Jim Hickcox

is a filmmaker with a wild and hilarious artistic voice! He is the director of the comedic horror feature film Soft Matterwhich was shot predominately in East Austin. We got a chance to chat with him about his wonderfully weird world of filmmaking!

Where did you get your start? What pushed you to pursue a career in film?

Jim Hickox: I'm pretty terrible at almost everything else. I guess I made a couple videos when I was really young, but I'm going to say I started here.

What was your experience like as an MFA student at UT? What would your advice be to someone interested in going to grad school for film?

JH: The things that will help you learn and improve, both technically and artistically, are smart/supportive peers and experience doing the work. It's cheaper to find those on your own than to go to film school, but a program can be a good way to force yourself into situations. For me grad school was a great opportunity to work on a pile of projects with access to equipment that nobody involved would otherwise have been able to afford. I was working a lot before I went, but the level of production value I was involved with jumped up considerably. It also provided an amazing community, and I met several people there who I suspect will be close friends and collaborators for a long time.

Tell us about your experience at Fantasia Fest. How were you chosen? What did you present?

JH: The Frontières market at Fantasia is great and I'd definitely recommend that anyone with a genre project in development apply. My producer Makena Buchanan and I were there with a script called "Close to You" we were trying to find funding for - a coming-of-age film about a young woman who finds the body of a middle-aged man behind a dumpster, takes him home, and then starts wearing him like a suit and living his life.

How did you come up with the idea for your film God's Urine? What made you decide to do it in the experimental medium?

JH: My friend and frequent collaborator Jason Michelitch and I shot a three-reeler back in 2012 on high-contrast 16mm. At the end of production we had some short ends and though we'd burn through them with a smaller project. When Jason was a kid he had thought that the final iteration of a film was the trailer, and that the full-length cut was just a step to get there. So we decided to make a movie that fit entirely into the shape of a trailer.

How did Soft Matter come together? Why did you need to make this film?

JH: Nobody needs to make a film, it's an unhealthy compulsion we all submit to. I actually had a different script I was developing as my next project, but I scouted the building that most of Soft Matter is set in for a different film I was shooting (I work primarily as a cinematographer). It was super inappropriate for that film, but was prime for a horror and slated to be torn down, so I wrote the script for the location. We went from idea to final cut in a few months, and for very little money. The whole thing was a blitz.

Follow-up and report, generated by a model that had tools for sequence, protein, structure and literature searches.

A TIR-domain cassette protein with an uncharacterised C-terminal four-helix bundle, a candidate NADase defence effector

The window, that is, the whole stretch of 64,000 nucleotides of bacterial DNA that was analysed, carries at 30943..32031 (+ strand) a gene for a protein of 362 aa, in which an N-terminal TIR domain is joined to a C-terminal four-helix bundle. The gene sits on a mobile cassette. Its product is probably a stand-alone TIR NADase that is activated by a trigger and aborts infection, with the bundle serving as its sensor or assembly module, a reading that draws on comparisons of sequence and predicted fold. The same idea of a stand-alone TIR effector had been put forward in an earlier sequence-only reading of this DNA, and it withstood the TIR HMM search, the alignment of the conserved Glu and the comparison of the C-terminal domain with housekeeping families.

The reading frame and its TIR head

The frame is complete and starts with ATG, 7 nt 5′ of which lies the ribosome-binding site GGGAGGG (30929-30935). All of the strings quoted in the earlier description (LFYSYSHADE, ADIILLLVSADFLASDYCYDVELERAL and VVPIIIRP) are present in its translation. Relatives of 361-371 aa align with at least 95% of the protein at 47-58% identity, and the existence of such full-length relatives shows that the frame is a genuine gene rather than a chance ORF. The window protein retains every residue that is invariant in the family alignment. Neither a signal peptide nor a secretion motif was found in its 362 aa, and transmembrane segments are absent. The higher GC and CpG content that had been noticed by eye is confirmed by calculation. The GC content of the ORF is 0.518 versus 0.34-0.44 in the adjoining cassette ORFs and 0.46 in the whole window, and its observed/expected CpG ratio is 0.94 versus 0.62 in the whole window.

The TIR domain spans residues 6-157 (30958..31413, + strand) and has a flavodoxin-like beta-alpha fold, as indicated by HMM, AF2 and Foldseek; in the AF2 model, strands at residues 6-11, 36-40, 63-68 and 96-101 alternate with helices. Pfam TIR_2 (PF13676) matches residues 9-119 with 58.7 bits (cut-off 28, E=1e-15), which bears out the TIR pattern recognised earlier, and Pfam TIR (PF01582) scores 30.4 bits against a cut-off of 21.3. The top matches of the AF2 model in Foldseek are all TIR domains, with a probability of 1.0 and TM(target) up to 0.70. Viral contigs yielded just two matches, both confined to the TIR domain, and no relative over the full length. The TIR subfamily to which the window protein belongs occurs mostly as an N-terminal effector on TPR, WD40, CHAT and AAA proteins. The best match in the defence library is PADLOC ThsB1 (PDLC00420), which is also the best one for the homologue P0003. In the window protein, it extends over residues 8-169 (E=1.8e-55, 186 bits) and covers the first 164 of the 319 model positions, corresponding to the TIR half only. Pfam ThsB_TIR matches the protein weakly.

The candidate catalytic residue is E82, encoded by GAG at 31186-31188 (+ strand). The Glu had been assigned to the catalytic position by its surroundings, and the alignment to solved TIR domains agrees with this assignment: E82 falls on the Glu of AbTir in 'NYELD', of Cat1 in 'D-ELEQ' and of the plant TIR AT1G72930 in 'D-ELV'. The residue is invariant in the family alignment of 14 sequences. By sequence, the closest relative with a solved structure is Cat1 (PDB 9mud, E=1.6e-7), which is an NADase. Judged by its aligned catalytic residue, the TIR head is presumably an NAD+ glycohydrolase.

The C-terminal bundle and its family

The film has a lot of incredible special effects makeup. Was that a challenge? Did it turn out like you thought it would?

JH: The sea-god was the most complicated/expensive thing in the film, and we blasted through all of her scenes in one day, which was a challenge. We had sketches, but that was all we saw before we got the first shot of her up. The other creatures were all under construction in pre-pro, so we had a more solid idea what they were going into the shoot.

I worked with vfx artist and filmmaker Amanda Gotera on the look for the lightning, which she hand-drew frame-by-frame because she is a champion and an artist. There are a few other invisible vfx shots, but basically everything else you see is practical, and I was pretty happy with how all of it came out on set. There are two explosions that I wished had been bigger but we had to curb our impulses and consider safety.

What are three things that you are most excited about that you have in the works right now?

JH: I'm making a grilled cheese that I'm feeling pretty cocky about right now, but I'll have eaten it before this goes live. I have about six screenplays in various stages of development and I'm pumped about all of them. You'll have to corner me at a coffee shop for more specifics.

A couple of other folks and I are in early days of starting a small production company, Demon Janx, that I think will get into full swing by next year. Right now it's just a placeholder webpage, but I'd encourage anyone who's interested to check back occasionally or follow me on twitter where I'm sure I'll post updates alongside my dumb jokes.


MEMBER MONDAYS is a weekly interview series highlighting current members & alumni of the Austin School of Film + Austin Cinemaker Space community! Each week, we’ll be featuring one of our incredibly eclectic community members and take a deep dive into their work. Gaining an insight into what makes them, them.